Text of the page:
The narcos' booty migrates too

More than 850 Mexican drug traffickers have been extradited to the United States. But then, when the work seems to be done, Mexico realizes that in just a few cases it investigated enough to seize the finances of the mafias. Now a new chapter threatens to sour the binational fight against drug trafficking: the claim the United States has made of the fortunes of the capos.

10 August 2017

Part three | After the extradition of El Chapo Guzman, the United States Government announced that it would go after his fortune, calculated around $21.6 billion, as a result of drug sales for more than two decades. The announcement foresees a difficult picture for the Mexican State.

In addition to confiscating minimal amounts from the main drug traffickers' fortunes, and be compelled to compensate third parties for errors in these processes - as it has been demonstrated in this series of reports, drawn from more than 200 official documents obtained by information requests -, Mexico now faces an even worse consequence of its mess in the confiscations of organized crime assets: despite being the territory where those gangs traffic, kill and do business, Mexico can be left completely empty-handed. Of the fortune of El Chapo -which represents a quarter of the estate of Bill Gates, considered the richest this year in the world by the Forbes magazine- for example, Mexico may get nothing.

The situation has warned Mexican lawmakers, who are demanding that the government stop their extradition of drug traffickers to the United States if there is no negotiation in the return of their assets insured by the US administration. The losses for the Mexican state would be substantial.

In the chart, the information for 2017 until January 9.

According to documents obtained by the Transparency Law, 1144 drug traffickers have been extradited to foreign governments between 2000 and 2017. Out of the 1064 extradited individuals that were sent to the United Stated, the majority, 853, are Mexican. Only 19 were sent to Spain and 10 to Canada, according to the reports of the Department of International Procedures of the Attorney General's Office.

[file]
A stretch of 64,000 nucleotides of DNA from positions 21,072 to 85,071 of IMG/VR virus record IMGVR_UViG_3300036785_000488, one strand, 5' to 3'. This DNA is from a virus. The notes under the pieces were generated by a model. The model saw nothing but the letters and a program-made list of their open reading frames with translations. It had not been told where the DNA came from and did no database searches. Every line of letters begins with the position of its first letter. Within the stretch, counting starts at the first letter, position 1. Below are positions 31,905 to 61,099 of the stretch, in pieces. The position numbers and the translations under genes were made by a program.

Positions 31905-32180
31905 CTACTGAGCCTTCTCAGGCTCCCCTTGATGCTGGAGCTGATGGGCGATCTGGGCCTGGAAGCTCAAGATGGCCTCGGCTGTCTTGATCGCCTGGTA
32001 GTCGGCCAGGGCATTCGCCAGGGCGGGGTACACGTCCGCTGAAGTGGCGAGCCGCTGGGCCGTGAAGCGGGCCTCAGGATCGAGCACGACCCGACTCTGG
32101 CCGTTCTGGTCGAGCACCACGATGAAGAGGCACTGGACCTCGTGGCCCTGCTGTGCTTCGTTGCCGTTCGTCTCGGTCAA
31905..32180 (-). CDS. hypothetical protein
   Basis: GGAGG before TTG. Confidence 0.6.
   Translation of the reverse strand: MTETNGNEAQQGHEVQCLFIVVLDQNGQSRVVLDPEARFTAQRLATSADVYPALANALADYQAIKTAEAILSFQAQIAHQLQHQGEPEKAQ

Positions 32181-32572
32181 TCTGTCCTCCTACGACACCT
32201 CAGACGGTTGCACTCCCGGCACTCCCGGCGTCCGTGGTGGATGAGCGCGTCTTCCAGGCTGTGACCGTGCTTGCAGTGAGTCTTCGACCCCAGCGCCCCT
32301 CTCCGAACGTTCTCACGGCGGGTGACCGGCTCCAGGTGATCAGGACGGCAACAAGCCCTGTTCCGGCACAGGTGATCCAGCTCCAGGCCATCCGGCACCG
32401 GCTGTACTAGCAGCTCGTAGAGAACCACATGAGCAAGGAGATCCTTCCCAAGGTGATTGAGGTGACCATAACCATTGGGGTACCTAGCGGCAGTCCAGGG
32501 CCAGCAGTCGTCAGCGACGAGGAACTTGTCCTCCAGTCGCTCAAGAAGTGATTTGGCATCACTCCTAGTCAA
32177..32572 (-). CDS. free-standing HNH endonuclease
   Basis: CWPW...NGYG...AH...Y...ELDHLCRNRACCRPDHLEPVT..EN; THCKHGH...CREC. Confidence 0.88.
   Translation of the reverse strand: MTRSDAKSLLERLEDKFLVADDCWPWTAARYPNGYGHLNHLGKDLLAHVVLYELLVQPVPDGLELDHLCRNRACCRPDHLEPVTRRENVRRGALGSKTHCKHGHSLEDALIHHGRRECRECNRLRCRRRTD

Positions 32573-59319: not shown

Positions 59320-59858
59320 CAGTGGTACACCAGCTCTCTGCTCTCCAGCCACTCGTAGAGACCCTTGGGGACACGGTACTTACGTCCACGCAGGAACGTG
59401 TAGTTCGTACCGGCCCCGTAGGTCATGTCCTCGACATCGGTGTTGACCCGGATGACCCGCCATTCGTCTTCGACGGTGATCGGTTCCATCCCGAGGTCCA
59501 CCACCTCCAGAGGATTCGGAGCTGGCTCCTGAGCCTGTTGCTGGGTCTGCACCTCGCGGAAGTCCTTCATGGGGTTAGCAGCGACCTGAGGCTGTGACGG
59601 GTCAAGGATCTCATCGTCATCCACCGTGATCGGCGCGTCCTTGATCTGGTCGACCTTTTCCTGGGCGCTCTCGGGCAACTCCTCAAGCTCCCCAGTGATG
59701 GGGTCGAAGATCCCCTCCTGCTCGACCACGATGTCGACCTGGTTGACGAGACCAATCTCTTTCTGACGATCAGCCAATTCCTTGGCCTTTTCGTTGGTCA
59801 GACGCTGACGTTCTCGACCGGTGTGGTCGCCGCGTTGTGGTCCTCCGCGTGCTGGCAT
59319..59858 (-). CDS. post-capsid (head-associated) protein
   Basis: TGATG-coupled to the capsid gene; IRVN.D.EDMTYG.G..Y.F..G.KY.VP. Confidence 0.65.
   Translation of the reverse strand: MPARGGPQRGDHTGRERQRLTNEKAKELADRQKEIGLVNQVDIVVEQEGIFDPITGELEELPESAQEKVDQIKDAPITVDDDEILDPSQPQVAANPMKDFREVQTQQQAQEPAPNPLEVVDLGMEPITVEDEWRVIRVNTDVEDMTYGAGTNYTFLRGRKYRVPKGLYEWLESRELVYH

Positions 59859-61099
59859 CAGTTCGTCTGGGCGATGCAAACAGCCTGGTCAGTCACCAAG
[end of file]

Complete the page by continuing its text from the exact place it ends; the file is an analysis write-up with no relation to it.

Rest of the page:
"There is already an international agreement that regulates the type of relationship when a criminal is detained in Mexico and surrendered to the United States," warned Jorge Ramos Hernández, deputy chairman of the House Security Commission. "This agreement was signed seven years ago and it is still in force”. 

“The government has been lethargic in starting a high-level round table between both Treasuries

The agreement provides a percentage of distribution of the insured or seized goods based on the level of participation of each country. "But it is not enough," said the legislator. “The government has been lethargic in starting a high-level round table between both Treasuries (those of Mexico and the United States) via the chancellery. The pace must be stepped up", he said.

Therefore, deputies of the National Action Party (PAN) - which was government in Mexico between 2001 and 2012 - now suggest that Mexico claims 50% of the resources that the United States secures from the extradited offenders. Is there any precedent for a return? "Negative, not just one," said the legislator, "the federal government is failing". He explained that a real effort was made with the deportation of Edgar Valdez Villarreal, the drug trafficker known as La Barbie, but the initiative did not succeed because Valdez had American citizenship, a rule that does not apply to return the money. He must have been Mexican. 

https://youtube.com/watch?v=zBUWUxTkFUo

The mess in front of the USA